Happy Tarot, detail from JudgementHappy TarotHappy Tarot, by Serena Ficca
Lo Scarabeo,  9780738746975, 78 cards, 2015

Serena Ficca’s Happy Tarot is a full 78 card tarot based on the Raider-Waite-Smith style. Each card features a colour illustration that interprets the classic imagery into a much gentler, softer version. More than anything, this deck is adorable and extremely Judeo-Christian friendly.

The first thing you see when dealing with tarot decks is the cards themselves, which is to say, the artwork. This deck is no different. It is obviously illustrated with younger readers in mind. The people are done in a very cartoonish, almost chibi style with large heads and short, stunted bodies. The scenes are landscapes full of candy and sweet treats with softly glowing skylines. Every card is non-aggressive, even the “darker” or “more negative” cards. Cards that are traditionally less positive at first glance still have a very cute tone, cutting a lot of the foreboding. For example, The Tower — which does include the traditional imagery of a burning tower falling while lighting strikes it — doesn’t have quite the same bite when the people resemble dolls more than they do actual humans. Similarly, the 10 of Swords looks more like a kid that had too many goodies than it does a fallen solider.

Even so, the deck is very well illustrated. Both the major and minors have full illustrations, and despite the cute bent of the work they maintain all of the same basic imagery. The suits are a bit different; the cups are bowls of pudding, the wands are candy canes, and the swords are wooden, maintaining the inoffensive childlike imagery.

That being said, the Rider-Waite-Smith cards do have solid foot in Christian mythology when it comes to the images that are displayed, especially in the major arcana. There are crosses, allusions to the story of Adam and Eve as well as depictions of angels as commonly influenced by Christian dogma subtly inserted into the art. However, something about the style of these cards has made these images more overt and noticeable.

Happy Tarot, detail from The Hermit

Many of the characters are clothed in outfits reminiscent of a child’s Christmas play. Long robes, headpieces, etc. The very simple art style makes it look more like a costume and less like actual clothing. This theme of very simple, bold art plays throughout the deck. This downplay of the details actually provides a stronger impression as the image isn’t filled to the brim with information. Only the most important symbols have been transferred over, so the use of certain Christian iconography is more apparent.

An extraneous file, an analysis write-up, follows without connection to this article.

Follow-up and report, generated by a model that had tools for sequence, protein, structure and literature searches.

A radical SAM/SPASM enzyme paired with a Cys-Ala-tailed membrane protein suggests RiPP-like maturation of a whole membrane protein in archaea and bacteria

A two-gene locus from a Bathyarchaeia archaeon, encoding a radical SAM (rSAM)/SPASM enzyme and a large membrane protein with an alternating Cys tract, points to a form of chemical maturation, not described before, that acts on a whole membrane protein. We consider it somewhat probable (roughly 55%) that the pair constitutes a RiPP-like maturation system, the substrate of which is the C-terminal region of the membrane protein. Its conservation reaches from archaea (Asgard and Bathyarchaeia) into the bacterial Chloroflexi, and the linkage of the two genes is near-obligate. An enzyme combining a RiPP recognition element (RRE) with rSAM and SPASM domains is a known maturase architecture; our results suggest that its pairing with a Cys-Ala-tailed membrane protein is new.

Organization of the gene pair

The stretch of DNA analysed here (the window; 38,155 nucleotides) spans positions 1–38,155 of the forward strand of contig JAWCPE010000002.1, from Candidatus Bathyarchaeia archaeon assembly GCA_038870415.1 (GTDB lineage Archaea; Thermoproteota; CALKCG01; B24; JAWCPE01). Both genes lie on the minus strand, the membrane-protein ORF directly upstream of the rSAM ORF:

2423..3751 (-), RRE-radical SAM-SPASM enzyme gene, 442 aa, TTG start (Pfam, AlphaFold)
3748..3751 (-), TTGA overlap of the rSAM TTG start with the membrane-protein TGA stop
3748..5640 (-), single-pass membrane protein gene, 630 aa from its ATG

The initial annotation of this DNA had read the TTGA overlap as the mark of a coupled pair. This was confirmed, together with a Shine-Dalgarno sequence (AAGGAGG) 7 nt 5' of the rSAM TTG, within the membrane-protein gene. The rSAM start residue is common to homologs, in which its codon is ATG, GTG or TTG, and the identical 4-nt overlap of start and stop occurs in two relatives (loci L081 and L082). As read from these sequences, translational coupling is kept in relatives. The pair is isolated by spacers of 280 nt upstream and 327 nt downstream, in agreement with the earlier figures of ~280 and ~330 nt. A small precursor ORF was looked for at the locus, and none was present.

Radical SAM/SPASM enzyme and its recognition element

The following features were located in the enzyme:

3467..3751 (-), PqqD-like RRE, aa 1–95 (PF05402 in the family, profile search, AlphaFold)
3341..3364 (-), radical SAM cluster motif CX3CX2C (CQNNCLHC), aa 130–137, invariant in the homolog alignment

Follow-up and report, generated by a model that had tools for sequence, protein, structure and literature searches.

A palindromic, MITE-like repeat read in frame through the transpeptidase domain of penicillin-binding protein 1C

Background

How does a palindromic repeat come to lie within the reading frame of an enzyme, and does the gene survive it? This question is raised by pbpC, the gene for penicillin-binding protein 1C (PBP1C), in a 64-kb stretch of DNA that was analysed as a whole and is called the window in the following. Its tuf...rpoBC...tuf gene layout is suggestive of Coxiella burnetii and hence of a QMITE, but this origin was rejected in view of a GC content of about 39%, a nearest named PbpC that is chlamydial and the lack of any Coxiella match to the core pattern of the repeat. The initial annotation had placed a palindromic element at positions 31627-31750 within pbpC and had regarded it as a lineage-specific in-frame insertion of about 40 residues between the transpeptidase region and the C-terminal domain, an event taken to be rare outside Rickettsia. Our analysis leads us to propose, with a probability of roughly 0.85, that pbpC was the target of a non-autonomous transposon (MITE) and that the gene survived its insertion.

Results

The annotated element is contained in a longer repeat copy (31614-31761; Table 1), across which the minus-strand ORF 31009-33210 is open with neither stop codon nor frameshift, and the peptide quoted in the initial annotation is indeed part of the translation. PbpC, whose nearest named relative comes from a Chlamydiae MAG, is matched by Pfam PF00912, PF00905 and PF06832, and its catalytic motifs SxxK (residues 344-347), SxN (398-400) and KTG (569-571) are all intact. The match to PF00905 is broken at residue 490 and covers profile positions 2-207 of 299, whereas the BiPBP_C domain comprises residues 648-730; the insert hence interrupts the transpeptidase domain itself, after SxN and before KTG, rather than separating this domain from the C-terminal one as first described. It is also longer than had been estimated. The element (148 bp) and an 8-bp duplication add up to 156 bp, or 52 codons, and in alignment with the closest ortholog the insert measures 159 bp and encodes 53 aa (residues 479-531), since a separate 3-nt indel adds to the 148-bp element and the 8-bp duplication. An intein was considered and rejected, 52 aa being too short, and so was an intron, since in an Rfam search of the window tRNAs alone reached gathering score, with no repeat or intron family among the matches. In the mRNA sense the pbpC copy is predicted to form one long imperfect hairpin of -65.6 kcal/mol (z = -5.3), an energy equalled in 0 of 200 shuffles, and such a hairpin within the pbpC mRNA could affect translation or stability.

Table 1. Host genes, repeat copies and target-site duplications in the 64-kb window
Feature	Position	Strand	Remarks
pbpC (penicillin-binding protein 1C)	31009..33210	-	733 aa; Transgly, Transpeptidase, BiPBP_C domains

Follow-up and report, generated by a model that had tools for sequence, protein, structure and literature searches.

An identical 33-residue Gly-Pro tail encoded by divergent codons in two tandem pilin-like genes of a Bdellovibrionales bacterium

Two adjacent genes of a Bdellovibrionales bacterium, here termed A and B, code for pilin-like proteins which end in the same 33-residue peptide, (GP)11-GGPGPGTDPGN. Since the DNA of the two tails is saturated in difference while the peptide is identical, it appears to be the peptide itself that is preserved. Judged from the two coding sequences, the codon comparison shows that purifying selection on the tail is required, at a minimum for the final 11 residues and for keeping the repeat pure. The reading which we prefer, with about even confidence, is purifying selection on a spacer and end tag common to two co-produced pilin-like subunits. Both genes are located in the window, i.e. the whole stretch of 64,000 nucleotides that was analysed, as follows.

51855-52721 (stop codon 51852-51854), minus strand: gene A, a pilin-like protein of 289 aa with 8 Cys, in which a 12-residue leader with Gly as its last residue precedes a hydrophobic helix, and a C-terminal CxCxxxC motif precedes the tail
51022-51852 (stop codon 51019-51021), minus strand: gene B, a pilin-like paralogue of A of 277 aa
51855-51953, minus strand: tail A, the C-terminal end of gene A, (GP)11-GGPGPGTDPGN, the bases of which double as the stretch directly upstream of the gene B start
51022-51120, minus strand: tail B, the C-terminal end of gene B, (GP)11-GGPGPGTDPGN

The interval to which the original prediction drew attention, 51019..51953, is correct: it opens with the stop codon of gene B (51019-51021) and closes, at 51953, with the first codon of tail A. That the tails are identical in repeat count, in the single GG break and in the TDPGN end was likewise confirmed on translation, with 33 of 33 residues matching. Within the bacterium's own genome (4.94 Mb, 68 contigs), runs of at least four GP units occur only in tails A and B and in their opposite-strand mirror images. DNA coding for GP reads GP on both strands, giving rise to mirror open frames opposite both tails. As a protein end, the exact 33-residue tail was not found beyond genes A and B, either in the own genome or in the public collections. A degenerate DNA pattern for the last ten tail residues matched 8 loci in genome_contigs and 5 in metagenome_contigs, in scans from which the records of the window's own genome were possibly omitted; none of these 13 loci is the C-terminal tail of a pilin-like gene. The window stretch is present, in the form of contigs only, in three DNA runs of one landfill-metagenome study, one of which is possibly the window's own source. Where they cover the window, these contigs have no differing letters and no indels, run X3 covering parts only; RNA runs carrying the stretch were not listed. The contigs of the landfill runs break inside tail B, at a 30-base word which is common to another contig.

A dive into the LWB (little white book, the pamphlet included with the cards) shows that that this deck isn’t called Happy Tarot just because of the cute art. Everything about this deck is focused on achieving happiness. The LWB encourages its readers to use the deck to help them find happiness and have fun. The meanings of the cards are fairly standard, the only difference in the book is that these are focused strongly on the positive. In fact, each meaning is accompanied with a short line on how you can use that card to “find happiness.” In case it’s not clear, the Happy Tarot really wants you to find happiness.

The real question is, however, how do these read? I did a few quick readings (one- and three-card spreads) to get a feel for the cards. Despite the childish images, the readings were solid. I even used the LWB to double check and still ended up with the same or very close interpretations.

Because of the art style, it’s hard to read anything too heavy with these cards, which is both a positive and a negative. If you are trying to get a deep reading to really guide someone, these cards will probably not work well. However, if you’re just giving readings for, well, fun, these are great.

Happy Tarot, detail from The Empress

Initially I looked at these as a possible starter deck for young readers, and I think they would work very well for that purpose. The images are clear and easy to read; they’re not very adult so it’s easy for young readers to digest. Upon further use of them, I also think that they would be a good set for beginning readers, especially those coming from a Christian background, who may not be comfortable with the idea of tarot yet. I also would recommend this deck to professional readers to have in their collections, as it’s great for reading for a younger audience.

Overall, Happy Tarot is a solid tarot deck. Do not dismiss it because of its cartoon art. Despite it’s cute exterior, it maintains a strong connection with its source, therefore making a welcome addition to any card collection, or a great option for newbies trying to learn the craft.

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